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Survey reveals young players' role models
by Randy Vogt, March 9th, 2011 2:49PM

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By Randy Vogt

With 1,621 travel teams -- 820 boys teams and 801 girls teams -- the Long Island Junior Soccer League is one of the world's largest soccer leagues. Eighty LIJSL players, both boys and girls, from ages 8 to 14 are playing in the New York Red Bulls' Regional Developmental School. They train on Tuesday nights on Long Island. Some of these LIJSL players will be playing in a one-day tournament this spring, their only official competition as a unit all year. The program is no cost to soccer families as it is funded entirely by the LIJSL and its sponsors.

An e-mail survey was sent to the LIJSL players and their families with the Red Bulls program. The questions were simple, such as name your favorite soccer player with no choices listed. The interesting results showed the rise of globalization and the Fox Soccer Channel as well as the decline of the immense popularity of the U.S. women’s national team. Of course, responses from fewer than 100 elite players should not be concluded as a representation of all youth soccer players but their answers were nevertheless revealing.

Lionel Messi was the kids’ choice as their favorite player as he was selected by 20% of the kids. Coming in second was Cristiano Ronaldo with 12% of the vote, followed by Kaka, Wayne Rooney and Robin van Persie each with 6%. Lest we forget, the great Pele received one vote.

Just one female was selected as Mia Hamm received one vote, even though half the respondents were girls. The only other Americans selected were Chris Armas and Landon Donovan. With record TV ratings for the 2010 World Cup in the United States and more American ticket-holders in South Africa than any other country except the host nation, there was much discussion that soccer is finally fulfilling its potential as a spectator sport here. However, only one LIJSL player picked one of the Americans who played in the last World Cup as their favorite player.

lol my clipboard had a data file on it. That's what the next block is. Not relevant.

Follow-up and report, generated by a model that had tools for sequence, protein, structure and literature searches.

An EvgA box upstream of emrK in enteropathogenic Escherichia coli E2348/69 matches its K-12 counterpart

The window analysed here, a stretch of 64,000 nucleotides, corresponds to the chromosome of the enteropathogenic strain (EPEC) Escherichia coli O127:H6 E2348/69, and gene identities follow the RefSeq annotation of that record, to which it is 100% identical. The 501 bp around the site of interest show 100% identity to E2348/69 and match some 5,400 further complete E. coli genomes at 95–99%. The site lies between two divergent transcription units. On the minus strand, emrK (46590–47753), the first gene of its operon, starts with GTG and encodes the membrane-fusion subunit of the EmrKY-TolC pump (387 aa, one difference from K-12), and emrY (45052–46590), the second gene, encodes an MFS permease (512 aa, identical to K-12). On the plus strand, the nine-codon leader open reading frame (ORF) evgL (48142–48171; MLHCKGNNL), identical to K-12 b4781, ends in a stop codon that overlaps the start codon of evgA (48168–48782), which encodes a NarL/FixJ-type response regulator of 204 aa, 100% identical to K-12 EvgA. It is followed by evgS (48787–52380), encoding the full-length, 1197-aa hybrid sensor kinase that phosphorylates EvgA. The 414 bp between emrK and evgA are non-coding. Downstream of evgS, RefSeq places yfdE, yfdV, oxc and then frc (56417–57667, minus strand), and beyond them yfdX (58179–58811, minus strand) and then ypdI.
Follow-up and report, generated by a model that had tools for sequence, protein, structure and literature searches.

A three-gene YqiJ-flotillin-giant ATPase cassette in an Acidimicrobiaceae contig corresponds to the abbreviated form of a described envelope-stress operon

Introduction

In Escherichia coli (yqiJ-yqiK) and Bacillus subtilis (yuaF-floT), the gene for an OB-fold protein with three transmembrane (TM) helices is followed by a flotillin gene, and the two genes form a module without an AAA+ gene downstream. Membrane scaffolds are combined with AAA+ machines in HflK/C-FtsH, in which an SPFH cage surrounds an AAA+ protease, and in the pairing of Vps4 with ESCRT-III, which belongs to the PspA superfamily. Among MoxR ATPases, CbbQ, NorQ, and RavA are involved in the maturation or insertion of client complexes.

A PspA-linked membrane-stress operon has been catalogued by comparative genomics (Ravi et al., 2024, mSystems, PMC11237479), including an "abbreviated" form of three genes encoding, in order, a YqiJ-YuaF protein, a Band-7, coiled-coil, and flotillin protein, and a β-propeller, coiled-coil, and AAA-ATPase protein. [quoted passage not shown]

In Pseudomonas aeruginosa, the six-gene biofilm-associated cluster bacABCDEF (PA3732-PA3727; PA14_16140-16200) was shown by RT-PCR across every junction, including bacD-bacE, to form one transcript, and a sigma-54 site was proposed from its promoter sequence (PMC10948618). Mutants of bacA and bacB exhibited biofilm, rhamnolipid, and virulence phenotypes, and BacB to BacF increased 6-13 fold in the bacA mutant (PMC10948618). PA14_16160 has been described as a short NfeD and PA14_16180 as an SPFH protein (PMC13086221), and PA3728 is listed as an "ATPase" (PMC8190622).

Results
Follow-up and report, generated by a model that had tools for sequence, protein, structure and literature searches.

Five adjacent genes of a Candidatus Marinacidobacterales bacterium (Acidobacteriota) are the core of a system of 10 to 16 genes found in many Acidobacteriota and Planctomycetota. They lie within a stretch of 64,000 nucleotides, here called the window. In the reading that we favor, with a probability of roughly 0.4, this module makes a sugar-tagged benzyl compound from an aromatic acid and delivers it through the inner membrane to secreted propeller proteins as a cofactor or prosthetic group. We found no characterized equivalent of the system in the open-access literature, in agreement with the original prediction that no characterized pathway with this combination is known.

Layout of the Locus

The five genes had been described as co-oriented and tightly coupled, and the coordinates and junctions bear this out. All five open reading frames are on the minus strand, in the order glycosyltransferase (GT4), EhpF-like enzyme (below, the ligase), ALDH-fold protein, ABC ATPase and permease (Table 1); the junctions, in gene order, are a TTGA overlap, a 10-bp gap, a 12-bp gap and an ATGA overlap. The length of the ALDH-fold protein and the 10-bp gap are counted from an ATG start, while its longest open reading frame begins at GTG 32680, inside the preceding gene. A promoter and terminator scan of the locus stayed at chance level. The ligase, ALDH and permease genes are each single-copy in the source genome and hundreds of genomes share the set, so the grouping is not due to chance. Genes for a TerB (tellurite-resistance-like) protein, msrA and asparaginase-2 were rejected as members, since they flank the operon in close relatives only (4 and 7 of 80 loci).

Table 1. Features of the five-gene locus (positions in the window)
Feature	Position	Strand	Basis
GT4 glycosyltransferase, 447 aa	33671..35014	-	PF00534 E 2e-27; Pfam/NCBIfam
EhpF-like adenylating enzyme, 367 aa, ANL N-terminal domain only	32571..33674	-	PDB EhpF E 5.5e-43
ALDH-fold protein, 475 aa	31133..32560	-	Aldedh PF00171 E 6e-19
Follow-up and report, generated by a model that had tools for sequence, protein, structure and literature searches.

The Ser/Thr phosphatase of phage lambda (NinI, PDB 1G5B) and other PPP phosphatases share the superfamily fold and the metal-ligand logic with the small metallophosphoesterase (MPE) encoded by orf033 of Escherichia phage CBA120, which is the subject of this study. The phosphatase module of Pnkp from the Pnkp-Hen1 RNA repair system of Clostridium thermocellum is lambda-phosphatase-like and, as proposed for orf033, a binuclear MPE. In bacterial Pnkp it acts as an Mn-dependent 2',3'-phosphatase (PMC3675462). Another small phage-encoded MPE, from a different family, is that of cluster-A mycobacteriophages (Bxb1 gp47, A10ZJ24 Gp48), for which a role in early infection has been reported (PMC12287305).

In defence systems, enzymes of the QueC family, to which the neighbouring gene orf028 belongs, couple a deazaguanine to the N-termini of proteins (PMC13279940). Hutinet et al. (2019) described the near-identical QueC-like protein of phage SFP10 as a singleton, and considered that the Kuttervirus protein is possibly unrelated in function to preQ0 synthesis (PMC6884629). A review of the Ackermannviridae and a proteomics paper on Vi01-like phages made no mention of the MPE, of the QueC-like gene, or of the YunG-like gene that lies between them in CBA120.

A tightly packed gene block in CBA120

The three MLS players who received votes– -- one apiece -- were Donovan, his Los Angeles Galaxy teammate David Beckham plus the Red Bulls’ Thierry Henry. Nearly all the other players selected play or played (as a couple recently retired) club soccer in Europe.

Barcelona was the “favorite pro soccer team,” as the question stated, of these kids as the club received 18% of the vote. Coming in second was Arsenal with 16% of the vote, then Real Madrid with 14% of the tallies. The Red Bulls and Manchester United were tied in fourth place with 10% of the vote apiece. Chelsea (8%), AC Milan (6%), Tottenham Hotspur (4%) and Brazil (4%) were the teams that also received multiple votes. Of national teams -- besides Brazil -- Argentina, Italy, the U.S. women’s national team and World Cup champion Spain received one vote apiece.

For the kids’ worst moment on the soccer field, 20% responded by saying it was missing a penalty kick (whether in the game or a shootout); getting injured or scoring an own goal were tied in second place with 16% of the vote.

In the portion of the survey that stated to mention something interesting about yourself, midfielder and goalkeeper Logan Ward is a perfect 10 as she knew that it was interesting she turned 10 on 10/10/10. Many of the most interesting answers involved keepers. Joseph Basile had the opportunity to take a penalty kick against Julio Cesar when the Inter Milan keeper visited Long Island in 2008. The 14-year-old Samantha Cobotic is a relatively shy and reserved person but that’s not at all true when playing goalkeeper.

Finally, 10-year-old Jake Sharinn wants to become the first American to play goalkeeper for Brazil. Perhaps he can convince his family to move from Long Island to Sao Paulo?


(Randy Vogt lives on Long Island and he has officiated over 7,000 games during the past three decades, from professional matches in front of thousands to 6-year-olds being cheered on by very enthusiastic parents. In his book, Preventive Officiating, he shares his wisdom gleaned from thousands of games and hundreds of clinics to help referees not only survive but thrive on the soccer field. You can visit the book’s website at http://www.preventiveofficiating.com/)



0 comments
  1. Cheryl Gregory
    commented on: March 9, 2011 at 3:42 p.m.